In Chapter 3 Candy allows Carlson to put his dog out of its misery and shoot it. Carlson takes the time to explain where the dog should be shot to ensure the quickest death and least amount of suffering. Later in the chapter Candy states that he should have done this, that "you shoot your own dog." The shooting of Candy's dog in Chapter 3 foreshadow's events to come later in the book.
Just as the dog is Candy's responsibility, Lennie is George's responsibility. As Lennie becomes more violent, George understands that Lennie will need to be killed. George understands that this is something that he needs to do to own up to this responsibility as well as to ensure that Lennie is taken care of in the least painful manner possible.
Candy says he should have shot his old dog himself rather than having allowed Carlson to kill it because he feels that he should have been man enough to have realized that the poor dog suffered and not kept him for selfish reasons.
In the time setting of Steinbeck's Of Mice and Men, there was little that the dispossessed men of the Great Depression could call their own. Many had lost their farms, their homes, and their jobs; further, they owned little more than what they carried in a bedroll. So, for Candy, the ownership of a dog set him apart from the others; he had a creature to love and a being who loved him. Then, of course, when he realized the loss of this beloved creature would leave him alone, he could not bear to put the suffering dog down. Thus, he is devastated when Carlson shoots his pet.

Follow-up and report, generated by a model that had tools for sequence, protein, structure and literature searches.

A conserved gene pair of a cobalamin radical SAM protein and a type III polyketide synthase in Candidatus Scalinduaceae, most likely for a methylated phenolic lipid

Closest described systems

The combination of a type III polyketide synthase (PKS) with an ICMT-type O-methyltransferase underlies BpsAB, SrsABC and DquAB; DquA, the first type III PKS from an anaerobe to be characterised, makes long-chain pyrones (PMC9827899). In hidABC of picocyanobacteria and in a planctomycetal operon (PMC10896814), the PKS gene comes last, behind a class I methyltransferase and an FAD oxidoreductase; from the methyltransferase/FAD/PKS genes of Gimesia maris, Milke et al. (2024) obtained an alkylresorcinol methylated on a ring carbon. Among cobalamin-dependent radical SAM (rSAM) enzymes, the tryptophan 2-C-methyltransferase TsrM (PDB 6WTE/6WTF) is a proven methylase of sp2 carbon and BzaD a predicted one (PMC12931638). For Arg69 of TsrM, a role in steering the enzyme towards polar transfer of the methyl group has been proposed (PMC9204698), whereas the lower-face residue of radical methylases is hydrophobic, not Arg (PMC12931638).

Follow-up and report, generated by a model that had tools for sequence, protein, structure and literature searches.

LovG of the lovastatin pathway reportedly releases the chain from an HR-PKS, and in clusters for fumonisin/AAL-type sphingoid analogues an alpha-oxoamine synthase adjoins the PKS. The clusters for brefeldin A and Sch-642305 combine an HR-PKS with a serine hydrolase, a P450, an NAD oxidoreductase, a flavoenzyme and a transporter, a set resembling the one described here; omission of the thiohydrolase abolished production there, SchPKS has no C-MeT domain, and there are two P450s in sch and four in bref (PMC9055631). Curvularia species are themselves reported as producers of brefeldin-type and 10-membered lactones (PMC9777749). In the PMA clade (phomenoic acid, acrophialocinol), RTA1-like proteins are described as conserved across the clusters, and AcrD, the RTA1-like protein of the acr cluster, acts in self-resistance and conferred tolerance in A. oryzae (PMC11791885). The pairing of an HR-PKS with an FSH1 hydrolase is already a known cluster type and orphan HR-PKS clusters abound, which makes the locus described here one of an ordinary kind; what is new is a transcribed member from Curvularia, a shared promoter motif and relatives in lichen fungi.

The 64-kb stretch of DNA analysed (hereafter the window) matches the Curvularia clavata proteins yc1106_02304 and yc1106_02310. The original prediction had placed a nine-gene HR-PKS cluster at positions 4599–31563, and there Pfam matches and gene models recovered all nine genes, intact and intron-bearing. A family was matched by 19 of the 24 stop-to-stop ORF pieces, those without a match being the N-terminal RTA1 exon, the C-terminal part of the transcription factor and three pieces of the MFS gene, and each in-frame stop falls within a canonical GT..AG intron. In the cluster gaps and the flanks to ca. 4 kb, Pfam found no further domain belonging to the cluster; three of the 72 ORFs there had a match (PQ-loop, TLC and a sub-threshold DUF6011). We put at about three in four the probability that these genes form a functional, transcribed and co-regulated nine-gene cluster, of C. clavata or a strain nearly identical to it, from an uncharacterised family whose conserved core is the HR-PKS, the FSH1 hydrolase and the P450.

However, after Candy feels that he has a share in Lennie and George's plan to own a small farm, Candy's sense of fraternity enriches him just as his sense of camaraderie with his dog did. So, he is able to become more objective about the dog's physical condition and can say that the dog was decrepit and that he should have stopped the pet's suffering himself.
That Candy is strengthened by being included in the dream of a farm is evinced in his quick comment to George after he is included in George and Lennie's plans: "George . . . I ought to of shot that dog myself. . . . I shouldn't ought to of let no stranger shoot my dog."
Carlson feels that Candy's dog should be shot because it is old and useless. Carlson petitions Candy to shoot his dog and says that he should put it out of its misery. However, Candy is reluctant to shoot the old dog for several reasons. Candy tells Carlson that he has had the dog for such a long time that he couldn't bring himself to shoot the animal. Candy has a soft spot for his old dog and can identify with it. Similar to his dog, Candy is also old and almost useless on the farm. He sympathizes with the old dog's situation and refuses to kill the animal that he loves. After Slim gives a reasonable argument for why the dog should die, Candy feels helpless and allows Carlson to shoot his dog. After Carlson shoots his dog, Candy feels guilty and comments that he shouldn't have let a stranger kill his dog. Candy feels like he should have been a stronger man and shot the dog himself. The dog was Candy's old friend and it was only right that he should be the one to end its life. This scene helps explain why George ends Lennie's life at the end of the story when the mob is closing in on him.